February 22, 2020

Instead of Hysterics, Can We Talk?

Two weeks ago, I was having lunch with a prominent Hollywood writer in Santa Monica (to be more accurate, I was having a glass of water and he was having lunch). Politics came up; he happens to be a Trump supporter. We discussed the various permutations of the policies pursued by President Donald Trump, as well as Trump’s unfortunate lack of character. The sun was shining cheerily through the windows; the atmosphere was light and airy. All around us, wealthy people deliberately dressed down in California casual sipped their $40 glasses of chardonnay while playing with their $300 sunglasses and tapping their $400 loafers and $700 high heels.

Which is when it occurred to me that if we had taken a poll of the room, we’d surely have found that nearly everyone there thinks that we’re living in the middle of an existential crisis in the United States. This, of course, was Santa Monica, which means that virtually everyone in the room voted for Hillary Clinton; most of those people probably feel that Trump colluded with Russia to undermine our democracy. Most of them probably also believe that we are living on the verge of a fascist dictatorship, and that only wearing pussy hats and shouting about #Resistance will prevent the emergence of this fascist dictatorship.

Yet everyone was spending the afternoon supping on the finest America has to offer, while complaining that the sparkling water was just a tad flat.

All of which isn’t unique to Americans on the left. When Barack Obama was president, the economy was pretty good, even though I disagreed with his policies; his foreign policy, I thought, was far more disastrous, but America wasn’t involved in any earth-shattering wars. Yes, I thought Obamacare was awful, invasive policy, but I still had my insurance through my employer. Overall, American lives didn’t change all that much under Obama. Nor did they under Bush. Or Clinton. Or Bush I.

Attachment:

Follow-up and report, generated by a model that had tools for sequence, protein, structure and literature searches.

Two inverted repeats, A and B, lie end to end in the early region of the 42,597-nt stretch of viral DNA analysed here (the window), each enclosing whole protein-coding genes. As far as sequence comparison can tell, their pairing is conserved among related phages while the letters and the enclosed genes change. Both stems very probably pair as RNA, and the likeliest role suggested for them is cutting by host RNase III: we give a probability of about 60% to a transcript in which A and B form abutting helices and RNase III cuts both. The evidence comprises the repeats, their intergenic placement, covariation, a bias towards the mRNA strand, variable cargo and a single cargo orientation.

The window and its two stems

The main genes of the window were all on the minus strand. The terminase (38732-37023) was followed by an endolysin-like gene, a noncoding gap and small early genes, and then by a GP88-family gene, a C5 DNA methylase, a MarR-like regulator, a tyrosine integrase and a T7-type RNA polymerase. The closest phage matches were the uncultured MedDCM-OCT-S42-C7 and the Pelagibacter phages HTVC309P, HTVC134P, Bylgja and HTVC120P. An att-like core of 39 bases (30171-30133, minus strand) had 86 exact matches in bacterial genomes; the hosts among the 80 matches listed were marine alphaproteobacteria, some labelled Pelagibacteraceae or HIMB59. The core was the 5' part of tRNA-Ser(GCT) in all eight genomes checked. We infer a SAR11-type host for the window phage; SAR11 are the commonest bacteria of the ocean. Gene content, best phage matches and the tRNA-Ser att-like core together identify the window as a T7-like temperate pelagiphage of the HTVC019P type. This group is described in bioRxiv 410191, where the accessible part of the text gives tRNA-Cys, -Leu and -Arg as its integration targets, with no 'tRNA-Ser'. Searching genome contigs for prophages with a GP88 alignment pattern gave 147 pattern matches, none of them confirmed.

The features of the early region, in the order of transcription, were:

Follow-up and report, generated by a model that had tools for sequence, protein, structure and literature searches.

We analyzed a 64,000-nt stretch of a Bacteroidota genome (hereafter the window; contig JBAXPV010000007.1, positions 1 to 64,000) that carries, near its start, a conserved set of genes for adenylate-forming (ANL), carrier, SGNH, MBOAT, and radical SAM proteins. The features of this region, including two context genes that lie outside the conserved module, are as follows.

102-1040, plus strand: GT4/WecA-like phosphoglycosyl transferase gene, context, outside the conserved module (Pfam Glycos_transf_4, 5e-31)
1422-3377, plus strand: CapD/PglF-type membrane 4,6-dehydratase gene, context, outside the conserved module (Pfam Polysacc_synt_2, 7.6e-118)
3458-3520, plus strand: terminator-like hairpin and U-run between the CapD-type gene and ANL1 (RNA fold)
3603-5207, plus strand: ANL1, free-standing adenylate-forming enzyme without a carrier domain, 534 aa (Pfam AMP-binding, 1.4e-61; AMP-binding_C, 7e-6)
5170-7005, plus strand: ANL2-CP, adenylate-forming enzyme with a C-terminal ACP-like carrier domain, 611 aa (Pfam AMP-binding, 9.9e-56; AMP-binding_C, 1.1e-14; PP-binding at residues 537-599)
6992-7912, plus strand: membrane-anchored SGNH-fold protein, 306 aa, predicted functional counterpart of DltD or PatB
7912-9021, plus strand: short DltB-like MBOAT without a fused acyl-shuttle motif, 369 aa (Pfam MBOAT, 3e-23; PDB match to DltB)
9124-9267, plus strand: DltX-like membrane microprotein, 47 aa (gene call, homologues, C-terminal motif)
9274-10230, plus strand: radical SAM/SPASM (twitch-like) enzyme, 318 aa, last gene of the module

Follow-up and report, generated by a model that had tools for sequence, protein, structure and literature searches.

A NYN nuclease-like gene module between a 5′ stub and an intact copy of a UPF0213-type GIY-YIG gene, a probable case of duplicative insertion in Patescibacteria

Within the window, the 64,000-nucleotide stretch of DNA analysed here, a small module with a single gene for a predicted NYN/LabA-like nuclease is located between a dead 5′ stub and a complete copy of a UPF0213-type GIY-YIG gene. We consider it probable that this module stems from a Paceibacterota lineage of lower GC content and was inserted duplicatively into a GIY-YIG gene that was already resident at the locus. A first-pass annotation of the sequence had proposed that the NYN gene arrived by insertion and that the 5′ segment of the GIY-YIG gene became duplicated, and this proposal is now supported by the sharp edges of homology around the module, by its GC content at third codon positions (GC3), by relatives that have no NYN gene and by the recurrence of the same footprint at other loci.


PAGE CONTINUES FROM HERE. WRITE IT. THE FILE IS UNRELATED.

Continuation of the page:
We’re so convinced that crisis will be immediate and triggered by circumstance that we refuse to talk about serious issues with those on the other side. 

Politics, in fact, infuses us with a sense of urgency that is sometimes useful. Those who are obsessed with politics worry deeply — and correctly — about preventing black swan incidents, outstanding episodes with world-changing impact. We can’t predict them, which is why so many people are worried about them — and they do, in fact, occur. We have to guess what actions reduce the probability of serious black swans. Is it minimization of conflict with foreign actors, or a policy of peace through strength? Is it less government regulation or more?

But sometimes our worries about the future prevent us from recognizing that everything doesn’t actually seem to exist on a knife’s edge — that perhaps the black swan is further away than we think. Perhaps our worries ought to be not about the latest headline, but about deeper systemic change. And examining what systemic change is necessary isn’t a question of daily controversies, but of deep ideas that require deep examination. Trump’s latest tweet might bring about the apocalypse, but it’s almost certain it won’t. But deeper crises of character and direction could.

Those conversations, however, are foreclosed by the crisis nature of our politics. We’re so convinced that crisis will be immediate and triggered by circumstance that we refuse to talk about serious issues with those on the other side. That means that the chances of a black swan event are actually heightened, not reduced, by a mentality of panic. The longer we focus on the supposedly urgent (which won’t turn out to be urgent) at the expense of the important, the greater the chances we screw up the important.

So, no, we’re not facing a crisis. Which is why we should stop with the crisis talk and start actually talking with one another. If we don’t, we’re closer to the apocalypse than we think.

Ben Shapiro is an author, podcast host and editor-in-chief at The Daily Wire.